Friday, Audrey taught three fifth grade classes about butterflies. While she gave her presentations, the rest of the kids and I explored the gardens. Adrian and Megan decided to sit and listen part of the time since they have never heard one of her talks.
It is fun discovering what new flowers are out also.
For Thursday’s game, Adrian’s coach asked him to be goalie. Adrian wanted to try, but was a little scared. He was never taught how to be goalie and was not sure how to stop the ball if it came toward him.
He was goalie for the whole second half. Once he figured out to stay by the goal, he watched the ball and tried to follow it the best he could. The other team never scored a point during the second half! He was so thankful that his team played so well, the ball rarely came near him.
I am so proud of Adrian. He was willing to try something scary to help his team. He plays hard and tries his best, but he has not ever played “real” soccer. Upward was fun, but they had a short field, did not have goals and some rules were modified. Each week we see him improve in something as he practices and learns new skills with his new group.
This is the first year that the children did AWANA at church. They learned verses and worked their ways through books teaching them more about the Bible.
Each of the children did very well. Adrian did one book with all the extra credit. Andrea and Audrey both finished two books. Megan, with the girls help, went through two complete books and the extra credit books reviewing all she had learned!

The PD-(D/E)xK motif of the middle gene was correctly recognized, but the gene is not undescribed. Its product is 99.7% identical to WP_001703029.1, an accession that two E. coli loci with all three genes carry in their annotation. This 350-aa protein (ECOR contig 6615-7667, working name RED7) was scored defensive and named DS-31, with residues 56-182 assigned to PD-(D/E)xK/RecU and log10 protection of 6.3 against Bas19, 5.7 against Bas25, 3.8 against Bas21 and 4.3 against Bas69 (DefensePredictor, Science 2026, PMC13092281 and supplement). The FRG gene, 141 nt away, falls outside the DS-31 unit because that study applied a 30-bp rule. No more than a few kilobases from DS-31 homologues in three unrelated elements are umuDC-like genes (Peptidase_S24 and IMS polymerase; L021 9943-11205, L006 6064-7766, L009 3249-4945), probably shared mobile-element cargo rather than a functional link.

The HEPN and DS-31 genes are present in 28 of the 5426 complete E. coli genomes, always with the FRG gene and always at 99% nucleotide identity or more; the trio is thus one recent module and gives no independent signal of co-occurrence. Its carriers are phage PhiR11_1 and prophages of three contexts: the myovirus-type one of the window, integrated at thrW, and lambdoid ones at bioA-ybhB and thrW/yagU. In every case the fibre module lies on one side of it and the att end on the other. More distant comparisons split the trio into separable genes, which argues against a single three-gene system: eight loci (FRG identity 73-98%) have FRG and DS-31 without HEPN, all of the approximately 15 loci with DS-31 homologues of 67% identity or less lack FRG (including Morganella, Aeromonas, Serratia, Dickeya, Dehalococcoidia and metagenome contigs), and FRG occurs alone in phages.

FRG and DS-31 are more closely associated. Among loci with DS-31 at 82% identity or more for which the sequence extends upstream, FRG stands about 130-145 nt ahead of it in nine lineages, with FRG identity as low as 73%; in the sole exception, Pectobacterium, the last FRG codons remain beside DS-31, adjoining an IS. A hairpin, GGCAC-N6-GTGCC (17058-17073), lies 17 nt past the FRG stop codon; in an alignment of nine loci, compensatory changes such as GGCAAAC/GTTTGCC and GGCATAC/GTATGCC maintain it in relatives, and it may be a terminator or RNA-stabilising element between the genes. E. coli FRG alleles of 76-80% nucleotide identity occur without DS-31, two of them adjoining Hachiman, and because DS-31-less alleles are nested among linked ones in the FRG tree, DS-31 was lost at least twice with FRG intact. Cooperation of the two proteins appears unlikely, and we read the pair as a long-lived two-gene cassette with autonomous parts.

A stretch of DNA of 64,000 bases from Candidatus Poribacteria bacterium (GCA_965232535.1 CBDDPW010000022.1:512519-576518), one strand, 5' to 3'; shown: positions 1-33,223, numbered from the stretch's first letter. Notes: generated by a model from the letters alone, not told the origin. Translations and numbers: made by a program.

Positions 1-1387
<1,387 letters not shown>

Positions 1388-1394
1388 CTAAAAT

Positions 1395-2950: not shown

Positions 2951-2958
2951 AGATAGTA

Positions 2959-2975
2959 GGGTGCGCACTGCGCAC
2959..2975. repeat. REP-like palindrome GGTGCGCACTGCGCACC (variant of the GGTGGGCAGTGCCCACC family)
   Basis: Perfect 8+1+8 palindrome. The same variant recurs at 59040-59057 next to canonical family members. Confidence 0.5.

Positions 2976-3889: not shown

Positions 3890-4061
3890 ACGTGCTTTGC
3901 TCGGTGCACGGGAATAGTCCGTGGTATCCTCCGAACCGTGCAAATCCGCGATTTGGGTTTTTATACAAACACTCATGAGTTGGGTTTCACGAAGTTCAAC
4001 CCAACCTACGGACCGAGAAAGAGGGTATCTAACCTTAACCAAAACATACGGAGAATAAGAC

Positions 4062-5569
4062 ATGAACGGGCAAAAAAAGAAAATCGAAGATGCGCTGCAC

On Saturday, we were given a ride in a 1929 Model A Ford. The chauffeur, Mr. Stoner, said that he bought this car when he was 17 and has owned it ever since.
Megan was not interested in riding in the car at first, but after her first “date” with Mark, she was hooked. She rode three different times! Mark and Adrian asked many questions and learned a lot about the car’s history. They inquired about the machine gun in the back window and learned that Al Capone was in Elkhart a few times. Everyone enjoyed the history lesson!
The weather was perfect for soccer this weekend. The sun was out, the sky was blue and the weather chilly but not cold.
Andrea played two away games this week. Both games were tough, but in completely different ways.
The first team played well. They knew how to play soccer! Our girls tried hard, but they did not have the skills the other team had.
Yesterday’s game was completely different. I could not see everything and Andrea filled us in on a few details. Here are the highlights:
The other team played dirty. Andrea said they were talking mean through most of the game.
The referee did not make a lot of calls and made some very poor ones.
One of our team was red carded for something that could have been an accident. The ref was too far to see what happened but the other team’s parents started yelling “she elbowed her!” It felt as if the ref sided with what he heard, not saw.
Our goalie caught the ball while on the ground. Seconds later she was rammed into and her face was kicked. The girl was not penalized (should have been at least a yellow card). The other team’s coach had to tell his team to stop their inappropriate comments about the hurt goalie.
A girl who earned a yellow card was being obviously disrespectful to the referee. He ignored her contempt and let her continue playing.
Parents argued loudly. At least one parent started to loudly disagree with the ref’s decisions. The ref threatened to make parents watch from the cars.